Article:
Balancing the Equation of Girls' Access to Education in Sudan
According to internal displacement monitoring centre the number of internally displaced persons in Sudan in 2010 was 4, 5 Million persons and that was before the escalation of war in Blue Nile and South Kordofan region.
Basic education is a right guaranteed by Sudan interim constitution of 2005, unfortunately there is no law that enforcing the provision of basic education or prohibiting the lack of it for both boys and girls.
Girls’ education in the IDP areas around Khartoum, taking Alfath town as example where there is one basic school managed and run by only 4 teachers to observe and teach 8 classes of basic education. In each class there are 120- 140 students. A displaced woman living in Alfath testified that “I know my children are not getting any benefits from going to school, but I keep sending them there because it’s better than leaving them alone in the house while I’m working. I’m sending them to school to keep them away from the crimes happening in the streets.”
In IDP camps in Darfur, because of the war there is a high percentage of school drop outs. Nonprofit organizations tend to open literacy classes and school dropout classes as the government for the whole 10 years of was in Darfur has not taken the issue of education seriously. A nonprofit organization working in South Darfur was running 6 classes for the dropped out girls in the IDP camps around Nyala, providing education to more than 500 young women and girls. The organization was suddenly closed down in 2012 without any explanation from the security service in addition to banning other organizations from running those classes inside the camps. Taking into account it is very dangerous in Darfur for girls and women to leave the camp for collecting wood or bringing water, it became impossible for those girls to get an education outside the camp.
In Khartoum and other states of Sudan, child abuse and rape has become a phenomenon. A volunteer lawyer testified that a 9 years old girl from Soba IDP area was raped by a man living in a nearby fancy neighborhood. He kidnapped her while going back from school; videotaped the rape and threatened her that he will send it to her family if she dared to speak. When her mother knew about what is happening to her and filed a case against him, most of their neighbors and people in the area were saying it is not possible to a rich man to abuse a poor black girl, as he can get any woman and the girl is lying and trying to abuse him for money.
For such a reason many child abuse cases remain away from courts and justice has never been achieved to the victimized children. Furthermore many families tend to keep their girls away from schools fearing of the abuse, taking as example a case happened in Kosti, where a driver who used to pick two sisters to their school, and abusing the elder sister at the age of 12. All the families in Kosti tend to drop their girls out of school to avoid such incident, The 12 years old girl was jailed while the adult driver is moving freely as he received a sentence of leaving Kosti to another town for a whole year.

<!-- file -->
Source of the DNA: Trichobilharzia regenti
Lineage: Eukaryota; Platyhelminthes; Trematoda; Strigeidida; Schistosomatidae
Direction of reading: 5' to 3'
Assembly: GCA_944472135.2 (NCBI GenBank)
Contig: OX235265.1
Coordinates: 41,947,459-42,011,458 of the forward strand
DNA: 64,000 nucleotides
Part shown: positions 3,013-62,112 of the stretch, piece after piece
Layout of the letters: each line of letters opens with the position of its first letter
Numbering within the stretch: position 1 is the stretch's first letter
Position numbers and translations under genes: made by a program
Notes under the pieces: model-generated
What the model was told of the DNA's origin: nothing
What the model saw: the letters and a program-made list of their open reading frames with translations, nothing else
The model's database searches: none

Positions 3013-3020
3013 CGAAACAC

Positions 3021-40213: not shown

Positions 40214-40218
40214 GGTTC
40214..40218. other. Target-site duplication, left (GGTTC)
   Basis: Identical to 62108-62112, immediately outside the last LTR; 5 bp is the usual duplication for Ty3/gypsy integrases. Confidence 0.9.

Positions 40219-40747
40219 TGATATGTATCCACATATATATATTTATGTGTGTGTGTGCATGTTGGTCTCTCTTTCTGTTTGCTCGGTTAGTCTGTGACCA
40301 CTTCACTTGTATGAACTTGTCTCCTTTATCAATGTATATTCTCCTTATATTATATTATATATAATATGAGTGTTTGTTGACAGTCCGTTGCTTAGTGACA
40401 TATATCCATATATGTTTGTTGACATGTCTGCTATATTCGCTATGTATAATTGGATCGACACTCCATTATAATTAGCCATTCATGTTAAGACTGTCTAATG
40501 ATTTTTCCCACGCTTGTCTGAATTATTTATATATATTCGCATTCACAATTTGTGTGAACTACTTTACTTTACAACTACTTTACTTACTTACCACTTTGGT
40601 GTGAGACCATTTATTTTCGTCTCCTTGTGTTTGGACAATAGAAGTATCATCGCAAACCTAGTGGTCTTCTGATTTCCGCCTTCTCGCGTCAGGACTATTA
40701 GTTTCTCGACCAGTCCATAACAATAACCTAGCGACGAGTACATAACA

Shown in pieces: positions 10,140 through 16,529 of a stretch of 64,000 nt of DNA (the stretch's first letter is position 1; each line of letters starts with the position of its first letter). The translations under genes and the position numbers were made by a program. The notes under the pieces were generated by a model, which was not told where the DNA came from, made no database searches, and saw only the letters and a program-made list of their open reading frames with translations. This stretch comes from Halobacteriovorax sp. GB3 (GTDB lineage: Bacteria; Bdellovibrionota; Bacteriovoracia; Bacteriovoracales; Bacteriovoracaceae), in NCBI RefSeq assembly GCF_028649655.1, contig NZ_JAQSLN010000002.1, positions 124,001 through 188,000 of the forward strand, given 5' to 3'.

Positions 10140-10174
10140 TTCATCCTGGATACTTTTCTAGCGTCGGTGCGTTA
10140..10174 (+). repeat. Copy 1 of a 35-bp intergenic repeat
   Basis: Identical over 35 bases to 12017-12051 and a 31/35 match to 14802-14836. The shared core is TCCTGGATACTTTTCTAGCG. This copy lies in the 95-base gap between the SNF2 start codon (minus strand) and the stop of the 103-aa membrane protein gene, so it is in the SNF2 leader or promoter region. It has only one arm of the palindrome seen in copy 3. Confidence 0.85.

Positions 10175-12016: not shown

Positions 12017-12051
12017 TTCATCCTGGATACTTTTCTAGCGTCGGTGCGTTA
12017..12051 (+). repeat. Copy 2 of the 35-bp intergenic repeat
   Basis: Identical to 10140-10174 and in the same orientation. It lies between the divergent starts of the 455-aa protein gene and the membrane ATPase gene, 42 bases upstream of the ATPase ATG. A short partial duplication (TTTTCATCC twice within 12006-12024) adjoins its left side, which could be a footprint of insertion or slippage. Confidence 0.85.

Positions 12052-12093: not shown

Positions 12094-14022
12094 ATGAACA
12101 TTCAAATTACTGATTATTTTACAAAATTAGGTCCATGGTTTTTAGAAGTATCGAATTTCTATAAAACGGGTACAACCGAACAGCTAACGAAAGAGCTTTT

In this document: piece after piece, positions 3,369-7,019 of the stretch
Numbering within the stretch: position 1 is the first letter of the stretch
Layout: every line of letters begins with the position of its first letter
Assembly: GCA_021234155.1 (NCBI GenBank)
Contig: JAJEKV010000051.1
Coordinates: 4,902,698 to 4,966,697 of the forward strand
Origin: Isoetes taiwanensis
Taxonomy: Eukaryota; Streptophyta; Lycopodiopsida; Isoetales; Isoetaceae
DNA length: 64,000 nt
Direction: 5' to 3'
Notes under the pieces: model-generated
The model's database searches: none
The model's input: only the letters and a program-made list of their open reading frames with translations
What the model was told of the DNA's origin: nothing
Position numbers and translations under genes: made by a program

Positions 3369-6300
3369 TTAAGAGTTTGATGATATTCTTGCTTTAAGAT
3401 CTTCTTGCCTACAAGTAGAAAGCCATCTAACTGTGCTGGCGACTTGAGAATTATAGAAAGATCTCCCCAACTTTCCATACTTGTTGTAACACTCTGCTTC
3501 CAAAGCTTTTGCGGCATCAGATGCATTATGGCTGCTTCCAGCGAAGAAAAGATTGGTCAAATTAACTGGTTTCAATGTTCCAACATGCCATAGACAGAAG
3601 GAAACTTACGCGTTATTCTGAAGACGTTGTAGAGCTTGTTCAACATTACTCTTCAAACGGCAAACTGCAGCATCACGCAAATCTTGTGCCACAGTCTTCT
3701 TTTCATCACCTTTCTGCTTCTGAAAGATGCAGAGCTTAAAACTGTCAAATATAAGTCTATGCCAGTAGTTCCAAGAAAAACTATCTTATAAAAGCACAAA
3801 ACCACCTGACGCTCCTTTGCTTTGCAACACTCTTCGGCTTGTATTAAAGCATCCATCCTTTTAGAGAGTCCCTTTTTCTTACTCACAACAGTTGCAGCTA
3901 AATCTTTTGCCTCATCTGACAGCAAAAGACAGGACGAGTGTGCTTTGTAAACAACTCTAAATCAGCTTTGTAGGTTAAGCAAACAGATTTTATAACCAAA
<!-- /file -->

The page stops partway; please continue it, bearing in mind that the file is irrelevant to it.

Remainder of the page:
Apparently barriers to girls’ access to education are sexual violence and rape, the lack of state commitment towards education and making Sudan a safe place for girls to grow and live. Girls in IDP area are coming from female headed households; mostly their mothers are street vendors working on selling tea and food and face harassments and violent police ambushes daily. Displaced women have no choice rather than working as street vendors to feed their families because most of them they haven’t get a proper education and they have limited employment and business opportunities. Hindering their girls’ access to education will only increase the numbers of women with limited opportunities of working/ earning a living.
The solutions are being made by the communities. Education movements like “Education without boarders” are working on improving the schooling environment in the IDP area and poor communities across Sudan by providing seats, books, stationeries and spreading the values of volunteering and how it can make a difference in the lives of many people. Women rights groups and volunteer lawyers are working on raising the awareness of communities by sexual violence against women and girls and encouraging victims to seek justice by taking perpetrators to courts, in addition to advocating for women friendly law reforms. Youth political movements are advocating for regime change and building a state of equality, peace and justice, where all the people are enjoying their rights and freedoms.